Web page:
The global economy produces energy from two sources: a polluting nonrenewable resource and a renewable resource. Transforming crude energy into ready-to-use energy services requires costly processes and more efficient energy transformation rates are more costly to achieve. Renewable energy is in competition with food production for land acreage but the food productivity rate of land can also be improved at some cost. The exploitation of non-renewable energy releases polluting emissions in the atmosphere. To avoid catastrophic climate damages, the pollution stock is mandated to stay below a given cap. In the interesting case where the economy would be constrained by the carbon cap at least temporarily, we show the following. When the economy is not constrained by the cap, the efficiency rates of energy transformation increase steadily until the transition toward the ultimate green economy; when renewable energy is exploited, its land acreage rises at the expense of food production; food productivity increases together with the land rent but food production drops; the prices of useful energy and food increase and renewables substitute for non-renewable energy. During the constrained phase, the economy follows a constant path of prices, quantities, efficiency rates, food productivity and land rent, a phenomenon we call the generalized ceiling paradox.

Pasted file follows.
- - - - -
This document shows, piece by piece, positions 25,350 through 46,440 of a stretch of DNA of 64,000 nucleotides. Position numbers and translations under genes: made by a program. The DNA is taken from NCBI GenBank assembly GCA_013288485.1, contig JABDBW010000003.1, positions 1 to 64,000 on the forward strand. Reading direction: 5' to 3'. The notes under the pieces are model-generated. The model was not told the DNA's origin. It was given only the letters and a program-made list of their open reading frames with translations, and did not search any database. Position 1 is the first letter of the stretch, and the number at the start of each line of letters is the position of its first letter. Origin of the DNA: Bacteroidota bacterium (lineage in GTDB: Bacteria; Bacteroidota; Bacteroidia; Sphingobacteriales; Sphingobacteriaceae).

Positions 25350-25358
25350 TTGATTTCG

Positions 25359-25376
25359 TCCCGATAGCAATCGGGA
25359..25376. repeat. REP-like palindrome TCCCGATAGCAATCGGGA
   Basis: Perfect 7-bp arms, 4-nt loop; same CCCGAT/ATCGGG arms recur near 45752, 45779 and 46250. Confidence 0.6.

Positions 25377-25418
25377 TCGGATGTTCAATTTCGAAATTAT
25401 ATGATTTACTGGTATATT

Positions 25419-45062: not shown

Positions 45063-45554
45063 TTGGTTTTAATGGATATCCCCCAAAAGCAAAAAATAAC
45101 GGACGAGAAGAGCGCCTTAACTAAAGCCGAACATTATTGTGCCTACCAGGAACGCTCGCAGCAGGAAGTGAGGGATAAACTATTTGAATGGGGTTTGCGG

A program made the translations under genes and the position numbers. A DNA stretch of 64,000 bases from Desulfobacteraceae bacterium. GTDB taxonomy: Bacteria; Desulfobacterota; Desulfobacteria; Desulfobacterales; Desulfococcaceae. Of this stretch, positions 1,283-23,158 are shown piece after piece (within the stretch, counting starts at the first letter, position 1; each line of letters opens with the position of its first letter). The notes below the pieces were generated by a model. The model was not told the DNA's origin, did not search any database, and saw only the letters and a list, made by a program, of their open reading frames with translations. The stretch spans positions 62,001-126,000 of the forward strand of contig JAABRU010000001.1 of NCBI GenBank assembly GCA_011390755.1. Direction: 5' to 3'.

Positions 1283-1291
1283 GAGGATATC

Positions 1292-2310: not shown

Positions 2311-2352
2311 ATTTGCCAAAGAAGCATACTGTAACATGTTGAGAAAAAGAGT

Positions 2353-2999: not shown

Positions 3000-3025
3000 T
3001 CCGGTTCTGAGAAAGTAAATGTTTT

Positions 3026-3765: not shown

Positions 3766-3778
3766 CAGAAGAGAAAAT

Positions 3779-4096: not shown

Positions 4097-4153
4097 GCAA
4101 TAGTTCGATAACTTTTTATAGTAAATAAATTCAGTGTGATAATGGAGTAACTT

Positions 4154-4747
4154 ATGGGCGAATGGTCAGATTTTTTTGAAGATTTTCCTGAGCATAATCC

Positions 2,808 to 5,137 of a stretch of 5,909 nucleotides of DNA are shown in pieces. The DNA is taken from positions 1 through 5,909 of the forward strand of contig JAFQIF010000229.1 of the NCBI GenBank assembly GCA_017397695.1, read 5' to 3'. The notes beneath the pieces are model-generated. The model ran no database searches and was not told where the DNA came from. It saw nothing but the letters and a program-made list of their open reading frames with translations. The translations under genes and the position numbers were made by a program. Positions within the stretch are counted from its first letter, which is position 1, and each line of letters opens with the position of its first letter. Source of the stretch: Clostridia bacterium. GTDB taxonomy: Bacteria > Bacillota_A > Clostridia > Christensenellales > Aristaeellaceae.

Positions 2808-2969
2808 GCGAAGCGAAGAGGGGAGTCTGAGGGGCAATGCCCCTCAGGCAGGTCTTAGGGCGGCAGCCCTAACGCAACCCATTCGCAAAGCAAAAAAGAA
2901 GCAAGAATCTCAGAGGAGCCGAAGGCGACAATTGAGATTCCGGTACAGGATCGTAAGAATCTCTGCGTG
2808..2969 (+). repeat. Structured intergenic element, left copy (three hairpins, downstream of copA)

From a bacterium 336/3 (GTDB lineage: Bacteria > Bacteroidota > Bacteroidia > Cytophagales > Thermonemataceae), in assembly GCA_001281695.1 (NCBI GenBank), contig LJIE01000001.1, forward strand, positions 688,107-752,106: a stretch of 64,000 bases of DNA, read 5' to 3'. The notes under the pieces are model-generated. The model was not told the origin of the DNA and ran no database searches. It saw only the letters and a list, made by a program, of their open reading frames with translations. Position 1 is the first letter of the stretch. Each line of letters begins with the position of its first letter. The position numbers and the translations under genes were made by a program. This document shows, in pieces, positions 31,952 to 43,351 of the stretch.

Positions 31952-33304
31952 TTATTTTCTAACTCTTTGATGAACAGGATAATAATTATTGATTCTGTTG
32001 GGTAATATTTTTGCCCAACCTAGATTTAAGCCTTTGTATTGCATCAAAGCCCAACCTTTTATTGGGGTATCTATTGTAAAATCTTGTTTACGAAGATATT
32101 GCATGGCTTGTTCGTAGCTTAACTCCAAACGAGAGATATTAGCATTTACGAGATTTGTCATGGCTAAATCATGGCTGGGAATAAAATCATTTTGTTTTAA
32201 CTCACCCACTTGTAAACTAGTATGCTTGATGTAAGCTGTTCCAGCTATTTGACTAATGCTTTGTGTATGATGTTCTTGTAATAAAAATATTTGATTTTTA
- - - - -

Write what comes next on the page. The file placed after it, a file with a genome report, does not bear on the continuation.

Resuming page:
energy efficiency; carbon pollution; non-renewable resources; renewable resources; land use;
Jean-Pierre Amigues, and Michel Moreaux, “The Joint Dynamics of the Energy Mix, Land Uses and Energy Efficiency Rates During the Transition Toward the Green Economy”, TSE Working Paper, n. 16-625, February 2016.
TSE Working Paper, n. 16-625, February 2016